(7.) Emphatically also to be considered is the experienced effect of Catholicity, as assisting a believer in all increase of virtue and piety. As one instance out of many, consider that power of resisting the foulest and most importunate temptations, which is obtained by Catholic prayer, by frequentation of the Sacraments, by the constant and tender worship of Mary Most Holy. {271}

Now all the reasons which we have mentioned are accessible to the most unintellectual Catholics; and they are reasons moreover, which admit of being pressed home to the mind with special impressiveness by divine agency. In their legitimate effect, they are super-superabundantly sufficient to produce certitude; and our affirmation is, that the holy Ghost uses these and similar reasons for that very purpose in the soul of Catholics. From first to last undoubtedly the Catholic is perfectly free to reject that which he has such abundant reason for accepting; but in proportion as he surrenders the whole current of his life to the influences of his Faith, in that proportion the divine origin of that Faith is more vividly and efficaciously evidenced to his mind.

As to the reasons available for the conversion of uncultured non-Catholics, we cannot even enter into that amount of detail which we gave to the last case; but we heartily concur with the whole of F. Newman's magnificent sermon—"Dispositions for Faith"—which stands fifth in the "Occasional" volume. For ourselves we can only make two, and those most general, observations. Firstly, in proportion as externs are brought more closely into contact with the Church, they are enabled more clearly to discern such notes of the Church as we have already mentioned. Secondly we are most strongly disposed to concur with what F. Newman has consistently advocated (we may say) through his whole theological life; viz. that by far the most hopeful course for an extern (speaking generally and allowing for exceptions) is to act energetically, under the guidance of his moral faculty, on what is placed before him as moral truth by his parents and teachers [Note 14]. These are his words in the volume before us:—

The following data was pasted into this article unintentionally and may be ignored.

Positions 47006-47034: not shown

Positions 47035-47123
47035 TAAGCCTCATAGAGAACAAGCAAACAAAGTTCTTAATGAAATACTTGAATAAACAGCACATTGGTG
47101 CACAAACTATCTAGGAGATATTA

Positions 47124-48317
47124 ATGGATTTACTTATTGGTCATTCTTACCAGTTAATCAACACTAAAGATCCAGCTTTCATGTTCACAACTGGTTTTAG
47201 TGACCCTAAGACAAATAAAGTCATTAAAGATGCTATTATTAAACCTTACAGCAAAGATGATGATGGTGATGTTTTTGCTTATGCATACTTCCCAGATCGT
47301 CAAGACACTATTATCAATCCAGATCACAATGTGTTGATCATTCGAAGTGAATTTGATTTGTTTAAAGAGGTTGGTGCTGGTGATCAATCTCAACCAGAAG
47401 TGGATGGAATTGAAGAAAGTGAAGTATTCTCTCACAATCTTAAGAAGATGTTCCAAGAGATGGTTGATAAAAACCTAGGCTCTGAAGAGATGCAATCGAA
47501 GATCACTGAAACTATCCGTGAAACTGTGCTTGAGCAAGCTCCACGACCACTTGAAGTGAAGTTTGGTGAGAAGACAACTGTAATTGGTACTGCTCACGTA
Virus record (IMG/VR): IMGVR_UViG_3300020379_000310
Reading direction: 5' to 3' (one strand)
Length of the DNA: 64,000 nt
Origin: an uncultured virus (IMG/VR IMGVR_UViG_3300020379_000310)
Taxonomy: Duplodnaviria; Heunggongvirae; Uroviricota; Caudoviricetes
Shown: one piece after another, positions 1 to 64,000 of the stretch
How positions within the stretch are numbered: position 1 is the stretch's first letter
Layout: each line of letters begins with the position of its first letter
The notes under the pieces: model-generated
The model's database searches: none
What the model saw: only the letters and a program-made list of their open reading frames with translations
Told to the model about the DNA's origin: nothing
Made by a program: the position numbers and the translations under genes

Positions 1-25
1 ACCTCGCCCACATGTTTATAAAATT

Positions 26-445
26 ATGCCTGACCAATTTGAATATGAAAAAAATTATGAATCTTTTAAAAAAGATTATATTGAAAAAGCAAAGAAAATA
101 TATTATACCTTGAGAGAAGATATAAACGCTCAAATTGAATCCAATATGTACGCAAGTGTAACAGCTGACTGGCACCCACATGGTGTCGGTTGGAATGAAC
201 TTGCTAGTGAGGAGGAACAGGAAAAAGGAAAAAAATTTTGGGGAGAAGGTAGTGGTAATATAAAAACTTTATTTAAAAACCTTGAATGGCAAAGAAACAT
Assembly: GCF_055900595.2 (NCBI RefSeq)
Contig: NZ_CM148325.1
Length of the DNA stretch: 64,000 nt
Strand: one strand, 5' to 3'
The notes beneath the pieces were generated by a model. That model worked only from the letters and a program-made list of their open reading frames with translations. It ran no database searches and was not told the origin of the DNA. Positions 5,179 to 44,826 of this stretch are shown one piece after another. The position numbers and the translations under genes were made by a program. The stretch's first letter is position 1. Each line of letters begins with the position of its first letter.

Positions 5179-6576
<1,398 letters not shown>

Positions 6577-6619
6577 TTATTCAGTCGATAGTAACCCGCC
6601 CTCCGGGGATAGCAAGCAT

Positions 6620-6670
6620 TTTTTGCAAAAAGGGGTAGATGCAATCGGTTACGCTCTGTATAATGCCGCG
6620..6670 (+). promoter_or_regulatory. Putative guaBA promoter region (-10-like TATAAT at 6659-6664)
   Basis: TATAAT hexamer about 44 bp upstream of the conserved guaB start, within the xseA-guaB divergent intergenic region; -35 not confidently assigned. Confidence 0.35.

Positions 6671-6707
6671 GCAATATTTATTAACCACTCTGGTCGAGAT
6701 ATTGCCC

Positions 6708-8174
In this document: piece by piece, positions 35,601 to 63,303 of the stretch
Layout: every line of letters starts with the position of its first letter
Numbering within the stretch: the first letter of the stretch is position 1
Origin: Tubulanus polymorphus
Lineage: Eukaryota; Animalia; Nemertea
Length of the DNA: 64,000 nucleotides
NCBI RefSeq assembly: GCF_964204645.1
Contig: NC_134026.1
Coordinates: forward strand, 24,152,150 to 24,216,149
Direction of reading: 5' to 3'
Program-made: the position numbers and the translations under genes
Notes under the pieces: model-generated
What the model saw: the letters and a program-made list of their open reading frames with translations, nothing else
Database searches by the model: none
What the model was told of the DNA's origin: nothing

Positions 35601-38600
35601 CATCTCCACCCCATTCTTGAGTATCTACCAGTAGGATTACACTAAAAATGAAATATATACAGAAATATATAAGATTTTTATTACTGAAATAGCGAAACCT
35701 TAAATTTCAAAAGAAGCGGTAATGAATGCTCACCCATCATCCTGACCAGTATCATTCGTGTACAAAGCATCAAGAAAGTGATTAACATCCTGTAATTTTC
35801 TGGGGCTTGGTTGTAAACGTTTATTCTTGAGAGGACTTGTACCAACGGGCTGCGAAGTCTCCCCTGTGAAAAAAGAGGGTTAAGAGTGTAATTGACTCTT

Of the two, I would rather have to maintain that we ought to begin with believing everything that is offered to our acceptance, than that it is our duty to doubt of everything. This, indeed, seems the true way of learning. In that case, we soon discover and discard what is contradictory; and error having always some portion of truth in it, and the truth having a reality which error has not, we may expect, that when there is an honest purpose and fair talents, we shall somehow make our way forward, the error falling off from the mind, and the truth developing and occupying it. Thus it is that the Catholic religion is reached, as we see, by inquirers from all points of the compass; as if it mattered not where a man began, so that he had an eye and a heart for the truth (pp. 371, 372).

Now the purpose of our article is, as our readers will {272} remember, to consider a certain "chief stronghold of philosophical objections against the Church," which we set forth at starting. And we suppose we may assume without express argument that, if Catholics have really such super-superabundant ground for their belief as we have affirmed, a thoroughly satisfactory answer is furnished by such a fact to the philosophical objection. The whole question therefore turns on the issue, whether the account we have given of Catholic evidence is substantially true.